A counter with Snaidero cherry cabinets, dual sinks, dishwasher and undercounter microwave separates the kitchen from the dining area.

On the back wall of the kitchen is a five-burner range, refrigerator and limited counter space. The back splash is translucent glass tile.

This is a model where Toto toilets are standard and the bath and powder room are comfortably sized. Composite marble tile is used for both flooring and countertops. The full bath comes with dual sinks, tub, shower and Snaidero oak cabinets.

The bedroom has a good-sized linen closet and a walk-in closet. It is spacious but needs to be because this is pretty much the only storage in the condo; so clothes, vacuum, mop, ironing board, luggage, everything will be stashed here.

All units have a washer and dryer hookup (in this model in a closet across the entry from the powder room) and many have outdoor balconies.

Because of an exterior architectural element of the building, buyers face a choice between a windowsill 24 inches above the floor or windows from the floor to a valance 24 inches below the ceiling. No big deal.

"Green is not prevalent enough in the marketplace for most people to be aware of it," sales manager Laura Davis Molk said of the reaction of most prospective buyers.

What people really relate to "is that you have gone above and beyond and spent a little more on a comprehensive plan. It shows we are cutting-edge and it's not like an aesthetic sacrifice," she said.

Dickson agrees there is interest in green construction "but right now it is sixth or seventh" in priority for most buyers, he said.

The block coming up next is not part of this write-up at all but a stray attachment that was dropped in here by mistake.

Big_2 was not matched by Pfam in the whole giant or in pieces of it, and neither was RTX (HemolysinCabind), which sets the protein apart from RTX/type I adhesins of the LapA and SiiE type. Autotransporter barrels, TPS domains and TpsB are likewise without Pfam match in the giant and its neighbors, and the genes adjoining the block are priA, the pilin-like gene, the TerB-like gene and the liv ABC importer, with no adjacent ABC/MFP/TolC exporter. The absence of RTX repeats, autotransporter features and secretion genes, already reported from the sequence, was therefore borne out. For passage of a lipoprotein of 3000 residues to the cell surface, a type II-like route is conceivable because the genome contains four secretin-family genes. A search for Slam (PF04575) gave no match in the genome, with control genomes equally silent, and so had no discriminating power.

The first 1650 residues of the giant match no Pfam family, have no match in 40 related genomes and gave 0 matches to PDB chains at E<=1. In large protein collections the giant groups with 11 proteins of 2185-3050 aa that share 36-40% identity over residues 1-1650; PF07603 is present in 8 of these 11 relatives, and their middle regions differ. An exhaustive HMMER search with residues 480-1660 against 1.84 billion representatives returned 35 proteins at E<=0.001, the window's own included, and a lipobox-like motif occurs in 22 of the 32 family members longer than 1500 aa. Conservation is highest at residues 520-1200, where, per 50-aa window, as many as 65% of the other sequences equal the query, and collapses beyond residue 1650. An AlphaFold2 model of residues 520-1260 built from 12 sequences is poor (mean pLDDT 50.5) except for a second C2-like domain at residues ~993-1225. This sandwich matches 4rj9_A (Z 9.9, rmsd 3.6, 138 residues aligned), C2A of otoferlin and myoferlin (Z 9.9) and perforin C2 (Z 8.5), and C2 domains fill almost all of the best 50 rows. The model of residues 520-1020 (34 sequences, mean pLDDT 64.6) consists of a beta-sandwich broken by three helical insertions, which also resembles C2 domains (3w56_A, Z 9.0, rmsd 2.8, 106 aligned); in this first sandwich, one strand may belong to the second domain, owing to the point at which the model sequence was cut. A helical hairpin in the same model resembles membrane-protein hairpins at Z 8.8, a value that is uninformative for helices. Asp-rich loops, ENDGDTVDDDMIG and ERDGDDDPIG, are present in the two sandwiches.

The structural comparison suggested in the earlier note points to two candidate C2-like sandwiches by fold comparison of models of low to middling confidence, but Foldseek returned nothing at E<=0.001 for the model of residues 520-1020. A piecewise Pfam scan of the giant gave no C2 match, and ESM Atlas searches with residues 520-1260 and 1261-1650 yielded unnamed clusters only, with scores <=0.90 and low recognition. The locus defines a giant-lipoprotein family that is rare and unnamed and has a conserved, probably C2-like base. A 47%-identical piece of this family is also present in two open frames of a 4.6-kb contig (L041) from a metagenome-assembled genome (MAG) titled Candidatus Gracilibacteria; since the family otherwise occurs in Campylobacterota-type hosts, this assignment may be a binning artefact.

The cost for the effort cannot be determined yet, since construction is still in the early stages.

One of the final challenges is the commissioning process after the building is completed, Dickson said.

"Every building has a punch list but this takes that to a new level," he said.

Whatever the cost, he suggests Chicagoans may see more LEED residential buildings in the future.

"I think the city is going to insist on it," Dickson observed.

- - -

340 on the Park

Address: 340 E. Randolph Dr.

Developer: LR Development in joint venture with Magellan and NNP Residential & Development

Phone: 312-397-8900

Web: www.340ontheparkchicago.com

Description: 62-story tower with 343 one-, two-, three and four bedroom condos with 1,081 to 5,489 square feet, including 16 penthouses, priced from $314,000 to $3.95 million. Estimated monthly assessments, $285 to $1,800. Deeded parking, $40,000 to $60,000. Prices as of April 5.